I was chuckling with a client the other day about the insanity of trying to please a partner with a piece of written work.
The trick, she said – I’ve heard this before – is to adopt the voice of the partner. That’s what he wants – something that sounds like him. It doesn’t matter if your style is better than his. He wants to hear himself.
My client can imitate the writing styles of five partners. That includes whatever quirks – run-on sentences, rudeness, biting sarcasm, unnecessary adjectives, circuitous explanations – capture that partner’s unique gift. It’s a piece of cake: assemble substance, add ventriloquy, and voila! – a happy partner.
She learned this trick after receiving mark-ups. Her heart would sink as she combed the scribble for a critical error. But there was never anything there – only her failure to clone.
This is an example of a more generalized phenomenon – partners, as a group, tend to be arrogant and narcissistic. They harbor absurd notions about their own abilities and tend not to notice anyone else’s right to exist.
Nothing new. But it’s interesting to ask why.
Law firms are abattoirs of self-esteem. If you think you might be a good, useful, capable person, give yourself a few weeks in the world of biglaw and you’ll come to realize you have no ability whatsoever, are in way over your head and were a fool to consider you might succeed at anything.
That’s the special magic of a law firm.
You are also entirely alone. Everyone else is flourishing. They’re doing fine. It’s only you. You are the problem.
How do they achieve this feat of psychic disassembly?
For starters, nary a kind word.
If you put dozens of pleasers in the same room, everyone tries to please everyone else. No one acknowledges he’s pleased. That’s not what pleasers do.
Everyone can’t try to impress. Someone has to be impressed. That person would do the hard work of thanking and praising the others – “You’re doing a great job. I appreciate your effort.”
You’ll never hear that sort of piffle at a law firm. In a world where everyone is starved for praise, no one has time to waste feeding anyone else’s confidence.
Two defenses, arrogance and narcissism, permit lawyers to survive in this hostile environment.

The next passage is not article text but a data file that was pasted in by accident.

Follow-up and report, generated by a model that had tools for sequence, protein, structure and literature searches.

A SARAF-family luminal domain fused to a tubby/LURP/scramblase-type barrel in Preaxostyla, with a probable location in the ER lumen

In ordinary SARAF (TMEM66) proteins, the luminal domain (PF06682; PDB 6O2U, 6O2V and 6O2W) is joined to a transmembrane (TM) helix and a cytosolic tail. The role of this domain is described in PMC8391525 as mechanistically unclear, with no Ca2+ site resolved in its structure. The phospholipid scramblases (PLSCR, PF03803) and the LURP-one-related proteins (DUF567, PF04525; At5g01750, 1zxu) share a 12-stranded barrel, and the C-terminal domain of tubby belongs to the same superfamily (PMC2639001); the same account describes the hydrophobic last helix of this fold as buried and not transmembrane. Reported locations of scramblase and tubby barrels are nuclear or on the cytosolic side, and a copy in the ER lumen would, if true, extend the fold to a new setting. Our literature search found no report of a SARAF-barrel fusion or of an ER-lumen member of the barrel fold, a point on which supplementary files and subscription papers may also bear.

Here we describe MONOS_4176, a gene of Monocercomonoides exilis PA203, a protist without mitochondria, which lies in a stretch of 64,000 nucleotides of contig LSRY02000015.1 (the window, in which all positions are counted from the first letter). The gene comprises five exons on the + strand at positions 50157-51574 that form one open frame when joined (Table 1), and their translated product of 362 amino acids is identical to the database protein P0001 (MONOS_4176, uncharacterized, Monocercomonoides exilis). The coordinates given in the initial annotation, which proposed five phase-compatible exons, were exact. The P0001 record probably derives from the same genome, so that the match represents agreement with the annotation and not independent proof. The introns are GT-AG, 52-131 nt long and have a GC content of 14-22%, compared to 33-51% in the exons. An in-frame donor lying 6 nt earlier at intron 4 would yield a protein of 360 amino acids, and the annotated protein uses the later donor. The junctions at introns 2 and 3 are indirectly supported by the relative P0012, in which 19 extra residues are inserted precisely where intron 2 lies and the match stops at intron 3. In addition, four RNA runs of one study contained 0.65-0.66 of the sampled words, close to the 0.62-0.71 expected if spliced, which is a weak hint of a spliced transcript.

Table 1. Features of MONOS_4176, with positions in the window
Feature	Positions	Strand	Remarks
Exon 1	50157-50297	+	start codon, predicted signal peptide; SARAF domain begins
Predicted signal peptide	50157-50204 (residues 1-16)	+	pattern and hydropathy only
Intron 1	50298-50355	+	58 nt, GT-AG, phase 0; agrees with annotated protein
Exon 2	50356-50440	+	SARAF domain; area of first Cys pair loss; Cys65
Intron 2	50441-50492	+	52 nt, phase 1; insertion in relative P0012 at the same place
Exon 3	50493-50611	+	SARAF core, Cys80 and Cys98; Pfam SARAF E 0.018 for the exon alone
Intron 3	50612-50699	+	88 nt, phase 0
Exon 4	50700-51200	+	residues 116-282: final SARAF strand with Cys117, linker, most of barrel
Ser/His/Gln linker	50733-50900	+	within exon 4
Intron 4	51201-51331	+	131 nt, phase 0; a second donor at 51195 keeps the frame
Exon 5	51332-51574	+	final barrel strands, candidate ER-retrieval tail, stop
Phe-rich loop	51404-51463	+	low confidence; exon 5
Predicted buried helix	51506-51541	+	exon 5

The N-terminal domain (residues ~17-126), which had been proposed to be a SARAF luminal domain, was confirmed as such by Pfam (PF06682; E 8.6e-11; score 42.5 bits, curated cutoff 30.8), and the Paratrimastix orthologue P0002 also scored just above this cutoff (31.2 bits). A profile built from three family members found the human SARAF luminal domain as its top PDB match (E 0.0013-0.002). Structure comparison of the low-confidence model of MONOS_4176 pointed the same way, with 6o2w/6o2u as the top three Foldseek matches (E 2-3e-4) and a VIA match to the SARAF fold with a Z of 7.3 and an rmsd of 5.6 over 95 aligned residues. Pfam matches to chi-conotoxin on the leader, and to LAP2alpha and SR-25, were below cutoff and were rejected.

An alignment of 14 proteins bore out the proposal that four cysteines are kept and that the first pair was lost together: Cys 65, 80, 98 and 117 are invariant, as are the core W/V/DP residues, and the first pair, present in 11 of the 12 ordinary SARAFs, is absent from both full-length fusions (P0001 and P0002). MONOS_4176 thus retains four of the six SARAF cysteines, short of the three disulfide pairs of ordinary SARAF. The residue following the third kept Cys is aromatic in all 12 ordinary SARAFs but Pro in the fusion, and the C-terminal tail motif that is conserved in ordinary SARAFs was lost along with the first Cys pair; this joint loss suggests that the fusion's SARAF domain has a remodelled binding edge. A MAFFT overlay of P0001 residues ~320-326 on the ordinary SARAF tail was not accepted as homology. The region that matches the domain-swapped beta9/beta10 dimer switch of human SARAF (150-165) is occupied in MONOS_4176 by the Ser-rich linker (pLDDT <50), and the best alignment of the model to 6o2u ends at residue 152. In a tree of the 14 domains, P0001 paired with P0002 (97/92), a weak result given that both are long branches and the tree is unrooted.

The simplest defense against self-doubt is arrogance. Inside you’re scared, so you pump yourself up for others to see.
The simplest defense against isolation is narcissism. You’re afraid no one wants to be with you, so you tune them out.
Arrogance always appears a bit comical because it’s so obvious. If you’re terrified you might not have what it takes, you put on a false bravado, but it doesn’t fool anyone. And once you’ve taken the leap into arrogance, you’re stuck – you have to maintain it, or risk humiliation.
Narcissism is more insidious, and less amusing. If you’re not receiving anything you need from anyone else, you shut them out – put up a mirror – and stare at a world that looks like you.
Maybe you must be an arrogant narcissist to make partner. That would certainly explain some things.
The downside is that you become an arrogant narcissist. The money’s good – but no one can stand you. You wind up correcting memos to sound like you wrote them. You don’t realize you’re doing it.
J.K. Rowling, in her Harry Potter series, presents a flawless portrait of a biglaw partner.
Lord Voldemort is an arrogant narcissist to the core. When The Dark Lord (as he’s known) arranges for a Death Eater associate to pen a memorandum, there’s no doubt he wants it to sound like something he wrote. And you can rest assured he’s not going to be Mr.-Supportive-of-Your-Feelings if it doesn’t.
He-Who-Must-Not-Be-Named fears death because it challenges the reality of his omnipotence – the total control he wields over others’ lives. To guard against that eventuality, Voldemort employs black magic, shattering his soul into splinters which he secretes away in the form of small, magical items known as horcruxes. If you find one of these evil items, you must destroy it. Otherwise Voldemort and his insidious power will never die.
To wear the horcrux is to bear the weight of the Dark Lord’s wicked soul. He is with you through the horcrux, and his power threatens to overwhelm your spirit.
A partner at a law firm doesn’t call the evil splinter of his shattered soul a horcrux.
He calls it a Blackberry – the container of his arrogant narcissism.
To carry this cursed object is to bear a weight of pure malignancy.
A partner cannot die until each Blackberry is destroyed. Only then can you free yourself of his evil.
When an innocent junior first approaches the dark force of a partner, the arrogant narcissism might overwhelm, or even kill. You’ve seen juniors who mysteriously disappear in the first month. But on occasion, the spell is deflected, and the associate himself becomes a horcrux, a container for a fragment of the partner’s twisted passions. A link joins them, and he haunts the associate’s dreams like a terrible memory returned to life.
In trying to obliterate your mortal soul, the partner kills a part of himself. The evil within you must be destroyed before it metastasizes into the cancer of arrogant narcissism.
Don’t let him doom you to his own wretched fate.
You could make partner.
This piece is part of a series of columns presented by The People’s Therapist in cooperation with AboveTheLaw.com. My thanks to ATL for their help with the creation of this series.
If you enjoy these columns, please check out The People’s Therapist’s new book, Way Worse Than Being A Dentist: The Lawyer’s Quest for Meaning
I also heartily recommend my first book, an introduction to the concepts behind psychotherapy, Life is a Brief Opportunity for Joy
(Both books are also available on bn.com and the Apple iBookstore.)